Only in the mind of a liberal Catholic could a simple division of roles mean oppression of women.
Rather, they must be welcomed into every service and leadership role, including catechists, lectors, chancellors and general secretaries of bishops’ conferences.
Calling for women to be welcomed into "every service and leadership role" is a less than subtle endorsement of women's ordination.
(The diaconate for women remains an open question and ought to be explored.)
Women deacons used to exist in the Church though they were probably not ordained. Even if women could be ordained to the diaconate, doing so today would only confuse the great mass of unthinking Catholics who do not understand the major differences between priests and deacons and further the cause of women's ordination. This of course is exactly what the editors of America want and their call for the question of female deacons to be "explored" really means "make women deacons now!"
Churches that invite all their people to bring all their talents to the welfare of the congregation will thrive. To tell a young woman that she may no longer pour the water on the priest’s fingers at the Lavabo looks like sexism.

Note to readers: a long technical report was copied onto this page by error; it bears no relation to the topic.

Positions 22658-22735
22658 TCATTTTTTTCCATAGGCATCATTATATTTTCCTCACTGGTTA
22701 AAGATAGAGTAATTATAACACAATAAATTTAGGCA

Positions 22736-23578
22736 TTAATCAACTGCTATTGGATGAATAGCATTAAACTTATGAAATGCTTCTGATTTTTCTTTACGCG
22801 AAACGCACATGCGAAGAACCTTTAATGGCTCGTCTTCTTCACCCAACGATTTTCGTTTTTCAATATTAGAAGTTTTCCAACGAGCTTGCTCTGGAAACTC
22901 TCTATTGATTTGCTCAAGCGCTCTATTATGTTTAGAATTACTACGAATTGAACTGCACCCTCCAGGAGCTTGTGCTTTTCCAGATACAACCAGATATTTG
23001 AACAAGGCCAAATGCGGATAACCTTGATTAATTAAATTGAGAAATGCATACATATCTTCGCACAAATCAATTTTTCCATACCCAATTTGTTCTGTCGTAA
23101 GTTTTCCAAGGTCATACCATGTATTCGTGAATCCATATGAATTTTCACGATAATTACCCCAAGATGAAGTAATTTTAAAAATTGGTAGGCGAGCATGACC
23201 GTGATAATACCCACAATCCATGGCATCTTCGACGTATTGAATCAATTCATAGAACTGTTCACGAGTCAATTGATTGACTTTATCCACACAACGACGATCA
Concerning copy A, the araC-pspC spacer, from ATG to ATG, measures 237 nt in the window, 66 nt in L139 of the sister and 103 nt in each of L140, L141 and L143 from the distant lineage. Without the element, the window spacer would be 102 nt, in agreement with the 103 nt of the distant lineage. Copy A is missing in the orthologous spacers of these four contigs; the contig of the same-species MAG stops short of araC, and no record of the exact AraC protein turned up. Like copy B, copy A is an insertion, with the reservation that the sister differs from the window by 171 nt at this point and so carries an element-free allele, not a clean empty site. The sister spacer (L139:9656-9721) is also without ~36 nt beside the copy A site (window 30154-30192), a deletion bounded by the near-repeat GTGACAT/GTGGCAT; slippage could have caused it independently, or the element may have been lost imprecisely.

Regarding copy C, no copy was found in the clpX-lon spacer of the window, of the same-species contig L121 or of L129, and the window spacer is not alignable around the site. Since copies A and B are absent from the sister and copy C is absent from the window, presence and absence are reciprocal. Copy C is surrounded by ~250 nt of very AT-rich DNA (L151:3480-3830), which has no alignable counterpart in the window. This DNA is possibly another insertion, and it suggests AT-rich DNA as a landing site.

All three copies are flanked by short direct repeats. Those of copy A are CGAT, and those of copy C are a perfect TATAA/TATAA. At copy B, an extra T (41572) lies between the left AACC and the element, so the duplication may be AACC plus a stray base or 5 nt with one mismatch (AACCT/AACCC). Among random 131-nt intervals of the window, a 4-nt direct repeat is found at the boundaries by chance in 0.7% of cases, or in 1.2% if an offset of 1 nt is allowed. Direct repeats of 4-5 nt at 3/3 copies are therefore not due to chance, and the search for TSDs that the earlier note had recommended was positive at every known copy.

Liberals have terrible priorities. Who cares about increasing priestly vocations? Not looking sexist is what's really important!
If the ban in these dioceses continues and spreads, perhaps women and girls will consider withholding their other services to the parishes, and men and boys, in solidarity with their sisters, will decline the honor of acolyte.
No, that is not going to happen because the sort of girl who wants to serve her parish is not a spoiled diva, and the sort of boy who wants to serve at the altar is not a feminist wimp.
Having girls share serving opportunities with boys is an expression of their equality in Christ. Parishes must create a variety of social and service activities. A distinguishing characteristic of today’s young men and women, even when they are not “devout” in the usual sense, is their rejection of discrimination in any form.
Well heck, I'm more or less opposed to discrimination and that makes me "alternatively devout". I guess I don't have to go to Mass!
They are highly sensitive to any hint of exclusionary policies in organizations. Perhaps if more young people (notice they write "people" instead of men) believed they could continue that commitment to equality as priests, more would be ready to follow a priestly vocation.
The mission of the priesthood is the salvation of sinners and the glorification of God, not the advancement of liberal ideas about "equality." If a young man is primarily concerned with political correctness, he should not be a priest, he should be a writer for America magazine.